Rangers right-handers Lucas Harrell and Shawn Tolleson have rejected outright assignments and been granted free agency, per a pair of announcements from the team. Both right-handers finished out the year on the 60-day disabled list and were outrighted earlier this week.
The drop-off for Tolleson is somewhat startling. Entering the season, the 28-year-old had established himself as the Rangers’ closer after turning in a terrific 2014 season in a setup role and stepping into the ninth inning in a similarly excellent 2015 season. From 2014-15, Tolleson tossed 144 innings and logged 35 saves, averaging 9.1 K/9 and 2.8 BB/9 with a 41.4 percent ground-ball rate. The 2016 season, however, yielded dreadful results, as he limped to a 7.68 ERA with a dramatically diminished 7.2 K/9 in just 36 1/3 innings. Tolleson was at one point optioned to the minors, and his season came to a close on Aug. 23 when a back injury landed him on the 60-day disabled list.
Tolleson’s bottom-line results were awful, but there’s also reason to express optimism. He maintained his velocity, averaging 93 mph on his heater, and his control (2.5 BB/9) was once again solid. Furthermore, he recorded a career-best 52 percent ground-ball rate. The primary reasons for Tolleson’s downfall were a .372 BABIP and, more alarmingly, a 24.2% homer-to-flyball rate that resulted in an average two home runs per nine innings pitched. While those numbers aren’t appealing, a HR/FB rate at that level is almost certain to regress in future seasons. And Tolleson will pitch all of next season at the age of 29, so there’s little reason to assume that his sudden and rapid decline was related to his age. A team that signs Tolleson would be able to control him for both the 2017 and 2018 seasons, as he’s still arbitration eligible.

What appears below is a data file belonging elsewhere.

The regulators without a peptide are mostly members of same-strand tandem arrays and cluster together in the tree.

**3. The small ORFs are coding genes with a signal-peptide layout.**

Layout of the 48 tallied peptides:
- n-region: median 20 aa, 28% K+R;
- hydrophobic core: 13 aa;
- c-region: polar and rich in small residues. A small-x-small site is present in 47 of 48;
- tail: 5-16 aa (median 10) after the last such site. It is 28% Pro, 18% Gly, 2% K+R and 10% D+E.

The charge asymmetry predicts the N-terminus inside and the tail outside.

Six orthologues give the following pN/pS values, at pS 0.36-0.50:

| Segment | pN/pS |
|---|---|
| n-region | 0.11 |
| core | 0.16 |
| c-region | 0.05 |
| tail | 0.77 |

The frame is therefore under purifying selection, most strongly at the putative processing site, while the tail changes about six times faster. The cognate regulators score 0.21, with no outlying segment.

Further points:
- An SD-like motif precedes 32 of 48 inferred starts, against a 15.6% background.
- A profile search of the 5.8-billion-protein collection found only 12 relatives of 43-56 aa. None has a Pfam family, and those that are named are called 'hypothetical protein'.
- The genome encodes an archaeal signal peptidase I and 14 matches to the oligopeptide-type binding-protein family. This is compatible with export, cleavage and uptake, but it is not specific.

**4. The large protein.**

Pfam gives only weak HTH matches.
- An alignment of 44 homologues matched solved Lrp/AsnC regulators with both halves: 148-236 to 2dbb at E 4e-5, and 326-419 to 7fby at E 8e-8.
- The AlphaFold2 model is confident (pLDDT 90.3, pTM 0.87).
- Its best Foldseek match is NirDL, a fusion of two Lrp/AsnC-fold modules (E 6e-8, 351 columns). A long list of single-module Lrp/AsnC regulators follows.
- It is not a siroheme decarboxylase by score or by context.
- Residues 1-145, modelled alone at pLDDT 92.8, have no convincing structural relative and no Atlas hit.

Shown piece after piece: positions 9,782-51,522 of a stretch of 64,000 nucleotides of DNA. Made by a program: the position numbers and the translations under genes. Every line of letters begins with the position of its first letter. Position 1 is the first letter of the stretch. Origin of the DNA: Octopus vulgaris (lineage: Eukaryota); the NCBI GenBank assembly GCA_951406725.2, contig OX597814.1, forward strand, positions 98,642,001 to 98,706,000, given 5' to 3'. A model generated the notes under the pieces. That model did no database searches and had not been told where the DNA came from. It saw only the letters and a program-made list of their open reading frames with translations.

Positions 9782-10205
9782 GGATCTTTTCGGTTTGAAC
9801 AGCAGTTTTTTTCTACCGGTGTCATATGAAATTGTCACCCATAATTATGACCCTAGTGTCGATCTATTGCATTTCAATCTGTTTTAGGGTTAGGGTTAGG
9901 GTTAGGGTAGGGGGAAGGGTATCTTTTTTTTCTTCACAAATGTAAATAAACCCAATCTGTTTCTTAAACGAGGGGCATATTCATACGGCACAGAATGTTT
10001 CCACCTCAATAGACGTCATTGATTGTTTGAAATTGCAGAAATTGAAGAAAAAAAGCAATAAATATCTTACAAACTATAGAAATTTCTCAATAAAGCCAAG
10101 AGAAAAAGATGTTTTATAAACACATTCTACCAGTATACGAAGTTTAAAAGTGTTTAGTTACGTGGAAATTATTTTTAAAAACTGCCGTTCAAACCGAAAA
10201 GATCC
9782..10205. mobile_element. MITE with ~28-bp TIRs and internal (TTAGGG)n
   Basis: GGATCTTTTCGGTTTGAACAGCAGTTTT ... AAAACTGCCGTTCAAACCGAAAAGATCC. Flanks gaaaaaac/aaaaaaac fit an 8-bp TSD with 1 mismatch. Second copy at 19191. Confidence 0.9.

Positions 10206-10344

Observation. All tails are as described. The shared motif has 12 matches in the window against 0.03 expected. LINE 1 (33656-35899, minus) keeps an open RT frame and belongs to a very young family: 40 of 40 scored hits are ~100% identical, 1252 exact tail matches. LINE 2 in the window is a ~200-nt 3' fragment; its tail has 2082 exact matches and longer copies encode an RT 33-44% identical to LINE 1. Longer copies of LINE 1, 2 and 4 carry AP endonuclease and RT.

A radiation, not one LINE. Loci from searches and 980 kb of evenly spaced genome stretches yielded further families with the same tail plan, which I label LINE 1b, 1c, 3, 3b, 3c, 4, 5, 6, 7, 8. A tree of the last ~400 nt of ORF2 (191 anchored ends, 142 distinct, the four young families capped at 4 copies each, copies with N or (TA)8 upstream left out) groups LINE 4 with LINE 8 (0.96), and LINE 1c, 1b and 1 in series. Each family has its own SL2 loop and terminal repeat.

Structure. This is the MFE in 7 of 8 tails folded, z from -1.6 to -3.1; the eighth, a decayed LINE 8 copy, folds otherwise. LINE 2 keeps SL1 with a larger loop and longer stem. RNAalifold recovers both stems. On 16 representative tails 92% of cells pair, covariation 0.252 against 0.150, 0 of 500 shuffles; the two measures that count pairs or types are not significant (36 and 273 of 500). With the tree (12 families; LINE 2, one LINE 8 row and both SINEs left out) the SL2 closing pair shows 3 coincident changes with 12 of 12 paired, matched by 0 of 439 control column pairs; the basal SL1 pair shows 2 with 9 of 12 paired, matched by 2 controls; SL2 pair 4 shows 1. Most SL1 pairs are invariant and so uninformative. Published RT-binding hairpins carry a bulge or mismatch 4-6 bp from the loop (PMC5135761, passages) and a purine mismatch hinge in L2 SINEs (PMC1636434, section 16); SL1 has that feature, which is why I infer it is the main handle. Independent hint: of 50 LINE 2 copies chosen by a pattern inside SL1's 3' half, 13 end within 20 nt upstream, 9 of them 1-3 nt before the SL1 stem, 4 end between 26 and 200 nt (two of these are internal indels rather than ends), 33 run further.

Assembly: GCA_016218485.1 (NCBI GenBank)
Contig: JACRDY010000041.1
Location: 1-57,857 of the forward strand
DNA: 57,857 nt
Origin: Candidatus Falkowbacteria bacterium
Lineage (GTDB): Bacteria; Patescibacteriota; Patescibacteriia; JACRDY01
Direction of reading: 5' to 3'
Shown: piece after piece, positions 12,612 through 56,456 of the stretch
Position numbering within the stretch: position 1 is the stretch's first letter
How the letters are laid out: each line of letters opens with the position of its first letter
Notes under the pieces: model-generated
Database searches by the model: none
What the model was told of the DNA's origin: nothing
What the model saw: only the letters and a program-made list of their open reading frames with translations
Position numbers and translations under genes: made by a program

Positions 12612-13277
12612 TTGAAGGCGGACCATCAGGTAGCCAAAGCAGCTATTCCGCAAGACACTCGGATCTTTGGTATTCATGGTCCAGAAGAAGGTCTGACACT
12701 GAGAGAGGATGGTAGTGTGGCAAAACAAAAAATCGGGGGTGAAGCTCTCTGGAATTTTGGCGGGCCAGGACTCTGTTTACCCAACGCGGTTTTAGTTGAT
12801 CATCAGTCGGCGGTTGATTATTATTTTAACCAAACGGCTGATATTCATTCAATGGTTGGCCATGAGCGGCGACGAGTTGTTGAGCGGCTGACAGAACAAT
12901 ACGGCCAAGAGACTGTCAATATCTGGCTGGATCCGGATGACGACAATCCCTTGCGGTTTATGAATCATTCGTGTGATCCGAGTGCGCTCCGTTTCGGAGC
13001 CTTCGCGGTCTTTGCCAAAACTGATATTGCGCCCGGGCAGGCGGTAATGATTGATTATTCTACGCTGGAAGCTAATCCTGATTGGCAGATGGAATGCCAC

Harrell, meanwhile, joined the Rangers in a fairly curious summer trade with the Braves. The Rangers shipped prospect Travis Demeritte to Atlanta in exchange for Harrell and left-hander Dario Alvarez (who remains in the organization), and the returns on Harrell weren’t pretty. The 31-year-old, who spent the 2015 season pitching in the Korea Baseball Organization, made just four starts for Texas and surrendered 11 earned runs in 17 2/3 innings before he, too, incurred a season-ending injury (groin strain). All told, he finished up the season with a 4.21 ERA, 6.9 K/9, 4.8 BB/9 and a 44.3 percent ground-ball rate in 47 innings of work between the two teams. Harrell should find interest as a depth option this winter, though given his rocky 2016 and lack of a track record — 4.77 ERA in 448 2/3 innings — it doesn’t seem likely that he’ll be promised a rotation spot anywhere heading into the 2017 season.